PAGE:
• The average size of the particles forming the pre-sintered material as referred to in this specification is typically in a range of about 10 µm to about 60 µm, and preferably about 30 µm. The distribution of the particle size may be for example:
    • 10% of the particles smaller than about 3 µm;
    • 50% of the particles smaller than about 26 µm; and
    • 90% of the particles smaller than about 71 µm.
  • In more particular the average particle size which the pre-sintered material referred to in this specification is comprised of may be about 20 µm, for example according to a particle size distribution in which:
    • 10% of the particles are smaller than about 1.2 µm;
    • 50% of the particles are smaller than about 10 µm; and
    • 90% of the particles are smaller than about 45 µm.
  • The volume of the cells in the pre-sintered material relative to the total volume of the pre-sintered material as referred to in this specification is typically in a range of about 20% to about 40%, and more preferably in a range of about 30% to about 38%.
  • The facing and the facing precursor as referred to in this specification preferably comprise a glass or glass ceramic material or may consist essentially of, or consist only of, a glass or glass ceramic material. The glass or glass ceramic material is preferably selected to be compatible for use in human bodies. Furthermore, the glass ceramic material is preferably selected to provide good aesthetic appearance for the dental restoration, in particular when combined with a frame. An exemplary formulation for a glass or glass ceramic as it may be used with the present invention comprises 60 % to 70% by weight of silica, 9% to 13% by weight of alumina, 5% to 10% by weight of potassium-oxide, 9% to 13% by weight of sodium-oxide, 0% to 1% by weight of lithium-oxide, 2% to 5% by weight of calcia, 1% to 2% by weight of barium-oxide, 0% to 1% by weight of zirconium oxide and 0% to 1% cerium-oxide or cerium-fluoride.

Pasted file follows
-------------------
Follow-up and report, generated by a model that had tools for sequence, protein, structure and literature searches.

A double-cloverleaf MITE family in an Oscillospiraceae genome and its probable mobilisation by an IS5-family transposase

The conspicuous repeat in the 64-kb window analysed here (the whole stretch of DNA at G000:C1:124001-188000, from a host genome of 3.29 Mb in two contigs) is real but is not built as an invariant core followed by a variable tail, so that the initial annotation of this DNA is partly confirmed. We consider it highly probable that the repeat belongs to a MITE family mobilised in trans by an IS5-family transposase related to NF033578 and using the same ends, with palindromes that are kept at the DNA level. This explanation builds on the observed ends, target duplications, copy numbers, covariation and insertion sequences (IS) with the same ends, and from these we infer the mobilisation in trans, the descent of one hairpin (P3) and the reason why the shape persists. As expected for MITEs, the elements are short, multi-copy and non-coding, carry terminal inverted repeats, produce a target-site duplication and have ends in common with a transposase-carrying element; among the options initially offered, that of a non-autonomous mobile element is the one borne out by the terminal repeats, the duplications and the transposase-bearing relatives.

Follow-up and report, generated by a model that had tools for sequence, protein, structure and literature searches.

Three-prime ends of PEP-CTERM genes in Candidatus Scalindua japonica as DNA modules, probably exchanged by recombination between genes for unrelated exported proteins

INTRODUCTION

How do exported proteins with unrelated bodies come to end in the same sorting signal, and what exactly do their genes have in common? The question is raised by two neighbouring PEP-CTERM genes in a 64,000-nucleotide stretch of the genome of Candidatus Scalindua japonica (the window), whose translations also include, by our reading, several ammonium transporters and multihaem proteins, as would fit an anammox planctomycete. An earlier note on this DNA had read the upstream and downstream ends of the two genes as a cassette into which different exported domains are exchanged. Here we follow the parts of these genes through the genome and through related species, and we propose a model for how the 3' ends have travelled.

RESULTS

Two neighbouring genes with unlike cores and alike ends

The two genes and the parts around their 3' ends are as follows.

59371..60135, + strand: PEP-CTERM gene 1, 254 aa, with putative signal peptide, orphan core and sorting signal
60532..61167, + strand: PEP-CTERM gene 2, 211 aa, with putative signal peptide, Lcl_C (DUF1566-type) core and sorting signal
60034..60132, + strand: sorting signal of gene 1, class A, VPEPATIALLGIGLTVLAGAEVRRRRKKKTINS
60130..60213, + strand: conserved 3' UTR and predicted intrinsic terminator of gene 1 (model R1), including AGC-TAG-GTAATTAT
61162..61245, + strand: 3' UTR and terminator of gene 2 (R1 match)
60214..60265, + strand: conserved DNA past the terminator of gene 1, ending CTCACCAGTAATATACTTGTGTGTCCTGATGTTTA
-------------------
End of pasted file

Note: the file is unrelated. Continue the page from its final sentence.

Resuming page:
• Glass or glass ceramic materials which may, for example, be used for manufacturing a blank and/or a facing precursor are generally available under the designations:
    • "VM 9" from Vita Zahnfabrik, Bad Säckingen, Germany;
    • "Cerabien Zr" from Noritake Inc., Japan;
    • "Vintage" from Shofu, Japan; and
    • "ZIROX" from Wieland GmbH &Co.KG, Pforzheim, Germany.
  • The structure of a glass, a glass ceramic or a ceramic material as referred to in this specification may be categorized as "open-celled", "closed-celled" and "generally free of cells". The material structure categories "open-celled" and "closed-celled" have been determined for different porosities that have been measured at different material samples using mercury porosimetry according to DIN 66133. The porosity or open porosity was measured using a mercury porosimeter in accordance with DIN 66133 as available under the designation "Poremaster 60-GT" from Quantachrome Inc., USA. To obtain samples having such different porosities the samples have been pre-sintered to different degrees as described in the following.
  • The samples were uniaxially pressed from a powder of a reference glass ceramic material as specified below. The pressed samples had a pressed density which was in the range of about 1.34 g/cm3 and about 1.42 g/cm3. Each pressed sample was pre-sintered at ambient pressure of about 101.3 kPa in a process that comprised the steps of:
  1. (1) exposing the sample to a temperature that was increased from room temperature of about 23 °C to about 540 °C at a heating rate of about 10 Kelvin per minute;
  2. (2) exposing the sample to the temperature of about 540 °C for a dwell time period of about 30 minutes;
  3. (3) exposing the sample to a temperature that was increased from the temperature of about 540 °C to a maximum temperature Tmax (as specified in the table) at a heating rate of about 10 Kelvin per minute; and
  4. (4) exposing the sample to the temperature of about the maximum temperature Tmax for a dwell time period of about 30 minutes.